Racial Stereotyping of Black Men in American Advertising – Changes Are Still To Come
Advertising in the United States dates back to the very beginnings of the country. Shortly after the creation of the first colonies, the colonists needed a way to communicate with each other, a way to inform each other what is going on the growing cities. Their way of coping with this situation was the creation of newspapers. The “Boston News Letter,” America’s first successful newspaper, created 1704 had its last page left empty for the latest news – or advertising, as it was considered a source of information. The “Boston Daily Advertiser” may serve as an example here; a daily newspaper in Boston with “Advertiser” as its name, for sure didn’t include only commercial offers. Benjamin Franklin’s “The Pennsylvania Gazette” was a part of first American chain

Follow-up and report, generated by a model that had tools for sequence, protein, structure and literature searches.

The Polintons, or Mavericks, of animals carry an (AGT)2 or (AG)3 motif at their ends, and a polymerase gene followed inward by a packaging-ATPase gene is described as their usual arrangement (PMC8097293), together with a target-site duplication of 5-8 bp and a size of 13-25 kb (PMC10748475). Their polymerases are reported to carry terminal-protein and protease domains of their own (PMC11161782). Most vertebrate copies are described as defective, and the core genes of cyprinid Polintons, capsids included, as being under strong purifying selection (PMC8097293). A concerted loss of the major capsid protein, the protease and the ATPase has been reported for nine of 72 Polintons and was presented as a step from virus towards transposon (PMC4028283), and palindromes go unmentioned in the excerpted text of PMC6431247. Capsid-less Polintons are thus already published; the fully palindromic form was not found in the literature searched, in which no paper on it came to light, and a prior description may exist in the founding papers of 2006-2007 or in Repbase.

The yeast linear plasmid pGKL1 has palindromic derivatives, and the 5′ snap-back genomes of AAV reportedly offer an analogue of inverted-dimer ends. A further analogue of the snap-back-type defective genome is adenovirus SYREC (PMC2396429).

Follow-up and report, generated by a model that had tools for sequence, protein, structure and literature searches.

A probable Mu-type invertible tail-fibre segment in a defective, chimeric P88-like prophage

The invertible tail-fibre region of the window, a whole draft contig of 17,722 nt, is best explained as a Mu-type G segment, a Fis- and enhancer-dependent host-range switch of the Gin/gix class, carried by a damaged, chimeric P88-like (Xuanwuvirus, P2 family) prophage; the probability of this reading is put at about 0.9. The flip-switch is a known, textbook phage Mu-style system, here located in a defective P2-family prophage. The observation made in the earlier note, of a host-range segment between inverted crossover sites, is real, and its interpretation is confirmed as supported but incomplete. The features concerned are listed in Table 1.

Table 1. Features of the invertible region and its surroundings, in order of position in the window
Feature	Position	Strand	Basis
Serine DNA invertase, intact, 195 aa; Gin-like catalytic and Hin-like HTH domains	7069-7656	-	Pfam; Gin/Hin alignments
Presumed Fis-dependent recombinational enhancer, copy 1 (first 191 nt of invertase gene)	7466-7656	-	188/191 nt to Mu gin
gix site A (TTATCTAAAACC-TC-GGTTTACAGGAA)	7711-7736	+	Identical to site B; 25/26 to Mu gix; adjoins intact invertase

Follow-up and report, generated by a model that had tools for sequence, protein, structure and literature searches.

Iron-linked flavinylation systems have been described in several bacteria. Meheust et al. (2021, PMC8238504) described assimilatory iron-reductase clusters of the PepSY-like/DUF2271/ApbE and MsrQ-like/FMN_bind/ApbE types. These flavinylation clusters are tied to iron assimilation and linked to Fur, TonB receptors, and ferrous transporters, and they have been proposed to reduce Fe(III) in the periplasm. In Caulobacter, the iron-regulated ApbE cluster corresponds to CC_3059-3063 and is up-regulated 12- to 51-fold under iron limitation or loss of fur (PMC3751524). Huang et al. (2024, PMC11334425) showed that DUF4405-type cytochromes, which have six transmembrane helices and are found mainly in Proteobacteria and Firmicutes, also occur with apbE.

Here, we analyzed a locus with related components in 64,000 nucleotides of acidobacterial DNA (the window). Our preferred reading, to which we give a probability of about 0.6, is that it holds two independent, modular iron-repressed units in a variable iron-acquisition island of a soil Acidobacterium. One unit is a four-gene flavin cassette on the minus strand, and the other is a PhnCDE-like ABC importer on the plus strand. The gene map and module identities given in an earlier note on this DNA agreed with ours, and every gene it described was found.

of newspapers, considered to be “[t]he New York Times of the 18th century.” Having that in mind, one has to admit that those newspapers must have been an influential, reliable source of information for their viewers. If they saw an advert like this one about “a cargo of negroes,” where the African people were portrayed as property, they wouldn’t question it. Not only were they convinced that they were superior towards the black race, but the ‘media’ would also strengthen their convictions.
Media has always been connected with advertising; one can’t exist without the other. As media is present in people’s lives, together with advertising it has an opinion- and world view-shaping effect. Commercials could work wonders changing the way people view the world; but they didn’t. There have been attempts to alter public opinion, to fight and change the ruling stereotypes, but they were too subtle, too delicate, as if they were just a cover-up, as if they weren’t really supposed to change anything. I will try to prove my thesis on various examples from the advertising history.